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Re: [Xen-devel] Darwin Advice?

> I know this comes up periodically, but I don't think it has been discussed
> since the introduction of Xen 3.0.

There have been recent discussions on the Darwin kernel mailing list, so if 
you decide to go ahead with this, or have darwin-related architectural 
questions, that would be a good place to post too.

> I am part of a group of three graduate 
> students who are planning to port the Darwin OS to run on Xen as a project
> for an operating systems class.

That would be funky.

> Officially, this is just to get Darwin up 
> and running, but getting OS X running under Xen would be a fun bonus.

That'd be really cool :-)

A few points:
1) whether this is "allowed" by Apple will depend on the interpretation of the 
license agreement - worth checking out
2) You'd have to deal with Apple's protection measures to ensure their OS only 
runs on their hardware.  On PPC OS X it was possible to run with a kernel 
you'd built yourself, on x86 I'm not sure if this is doable (for a while the 
open source Darwin/x86 had been left behind by changes in the MacOS X one, 
and they weren't driver compatible)

> First, we are wondering if porting Darwin is even necessary or
> "interesting" anymore, now that Intel has hardware virtualization support.

Well, I'm not sure to what extent it would be "new" in terms of *research*, 
although nobody has a complete microkernel based OS running on Xen (although 
Darwin's XNU is not really a microkernel AFAIK).  I'm not sure how big the 
userbase would be, but new ports are good fun - particularly if it brought OS 
X closer to running on Xen... :-)

> Second, we are looking for technical advice and/or resources from anyone
> who has experience porting kernels to Xen, or who knows about
> Darwin/Mach/BSD issues.

You may be able to leverage code from the NetBSD port of Xen, although I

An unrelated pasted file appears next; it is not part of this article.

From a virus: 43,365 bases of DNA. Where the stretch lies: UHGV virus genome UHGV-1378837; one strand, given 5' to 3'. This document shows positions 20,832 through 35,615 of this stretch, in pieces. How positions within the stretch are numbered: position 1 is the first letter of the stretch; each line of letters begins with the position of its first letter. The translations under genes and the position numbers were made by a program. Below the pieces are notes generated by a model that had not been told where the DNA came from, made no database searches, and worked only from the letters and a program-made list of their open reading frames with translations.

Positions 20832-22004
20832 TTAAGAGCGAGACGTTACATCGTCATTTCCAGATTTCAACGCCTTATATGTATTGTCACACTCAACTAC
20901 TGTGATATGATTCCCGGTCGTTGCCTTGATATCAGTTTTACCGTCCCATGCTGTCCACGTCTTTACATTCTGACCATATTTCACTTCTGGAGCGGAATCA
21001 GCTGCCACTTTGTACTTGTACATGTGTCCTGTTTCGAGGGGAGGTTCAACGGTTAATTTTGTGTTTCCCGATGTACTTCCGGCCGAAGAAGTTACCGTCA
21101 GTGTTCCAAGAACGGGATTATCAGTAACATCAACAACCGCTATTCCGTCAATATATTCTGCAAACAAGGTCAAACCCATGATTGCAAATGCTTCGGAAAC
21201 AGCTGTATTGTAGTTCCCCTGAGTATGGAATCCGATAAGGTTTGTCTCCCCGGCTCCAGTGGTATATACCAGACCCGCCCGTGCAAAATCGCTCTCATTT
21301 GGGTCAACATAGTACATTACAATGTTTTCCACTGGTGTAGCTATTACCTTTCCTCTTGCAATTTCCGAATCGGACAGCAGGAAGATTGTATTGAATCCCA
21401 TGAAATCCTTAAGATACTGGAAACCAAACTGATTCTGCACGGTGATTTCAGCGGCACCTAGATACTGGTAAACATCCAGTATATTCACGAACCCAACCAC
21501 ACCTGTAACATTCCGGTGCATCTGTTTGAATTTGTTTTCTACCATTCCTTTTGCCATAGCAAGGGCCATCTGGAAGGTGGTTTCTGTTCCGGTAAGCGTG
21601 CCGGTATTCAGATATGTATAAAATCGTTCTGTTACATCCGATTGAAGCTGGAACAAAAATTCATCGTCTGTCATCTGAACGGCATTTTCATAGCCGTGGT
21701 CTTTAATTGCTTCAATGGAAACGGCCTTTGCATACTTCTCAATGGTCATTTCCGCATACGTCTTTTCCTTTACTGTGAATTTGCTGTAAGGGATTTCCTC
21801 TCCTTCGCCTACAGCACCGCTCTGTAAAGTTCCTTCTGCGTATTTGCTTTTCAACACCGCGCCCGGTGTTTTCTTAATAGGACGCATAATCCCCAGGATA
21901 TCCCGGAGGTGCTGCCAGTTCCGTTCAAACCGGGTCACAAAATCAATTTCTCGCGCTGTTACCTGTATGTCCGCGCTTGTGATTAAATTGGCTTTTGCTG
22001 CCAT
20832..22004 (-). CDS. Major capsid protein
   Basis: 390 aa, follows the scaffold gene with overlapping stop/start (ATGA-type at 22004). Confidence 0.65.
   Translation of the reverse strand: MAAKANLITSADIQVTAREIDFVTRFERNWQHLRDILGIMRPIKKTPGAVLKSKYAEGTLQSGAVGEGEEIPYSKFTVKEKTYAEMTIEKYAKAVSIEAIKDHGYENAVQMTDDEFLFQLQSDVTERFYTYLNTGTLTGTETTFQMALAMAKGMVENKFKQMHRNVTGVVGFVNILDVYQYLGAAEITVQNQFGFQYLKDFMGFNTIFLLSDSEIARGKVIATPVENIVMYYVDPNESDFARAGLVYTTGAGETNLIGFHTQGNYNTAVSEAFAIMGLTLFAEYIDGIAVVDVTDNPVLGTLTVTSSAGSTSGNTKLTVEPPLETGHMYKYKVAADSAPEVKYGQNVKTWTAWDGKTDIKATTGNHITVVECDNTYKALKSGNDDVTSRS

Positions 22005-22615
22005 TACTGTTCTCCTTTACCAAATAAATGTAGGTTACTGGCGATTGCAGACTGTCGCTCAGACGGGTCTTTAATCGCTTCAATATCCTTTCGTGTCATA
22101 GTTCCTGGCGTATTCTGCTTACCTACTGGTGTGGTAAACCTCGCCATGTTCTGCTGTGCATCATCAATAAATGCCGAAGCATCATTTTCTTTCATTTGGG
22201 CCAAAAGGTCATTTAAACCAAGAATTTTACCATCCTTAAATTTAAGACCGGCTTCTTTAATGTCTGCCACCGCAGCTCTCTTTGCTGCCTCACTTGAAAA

believe Darwin uses a different driver API, which you might need to port to.

There is BSD-alike licensed driver and startup code in the Xen tree (see the 
Minios and the Linux frontend drivers) that you could leverage as a starting 

A possible "way in" might be to work at getting paravirtualised drivers 
working to accelerate IO in a fully virtualised machine (you'd need to test 
if Darwin actually runs in Xen's HVM mode first and fix any problems with 
reference to this list!).  You'd have to write some extra stuff (e.g. the 
driver for the Xen fake PCI device) in order to make this work, but it would 
be useful for people wanting to accelerate fully virtualised Darwin, and 
might get you a bit closer to having the paravirtualised drivers working 
properly...  (I'm not sure how similar to the fully paravirtualised case the 
PV-on-HVM driver code is but I think it should be a step in the right 

> Finally, if we don't end up going the Darwin route, 
> we are open to suggestions for other Xen-related projects that are
> interesting and technically challenging.

There was a roadmap document posted to the list last year that still contains 
plenty of work-in-progress stuff, as well as things that have yet to be 
implemented.  You might find something in there.  I don't have a link but 
it'll be in the archives - it was posted by Ian Pratt last summer/autumn 

One thing off the top of my head (probably fairly difficult): adapting Xen to 
allow owners of domains to carve up their memory and CPU allocation and start 
domains of their own.  This could allow users of virtual machines to start 
their own domains without allowing them to circumvent resource restrictions.

Lots of other stuff in that document though, and you may find help and 
suggestions on this mailing list.


Dave: Just a question. What use is a unicyle with no seat?  And no pedals!
Mark: To answer a question with a question: What use is a skateboard?
Dave: Skateboards have wheels.
Mark: My wheel has a wheel!

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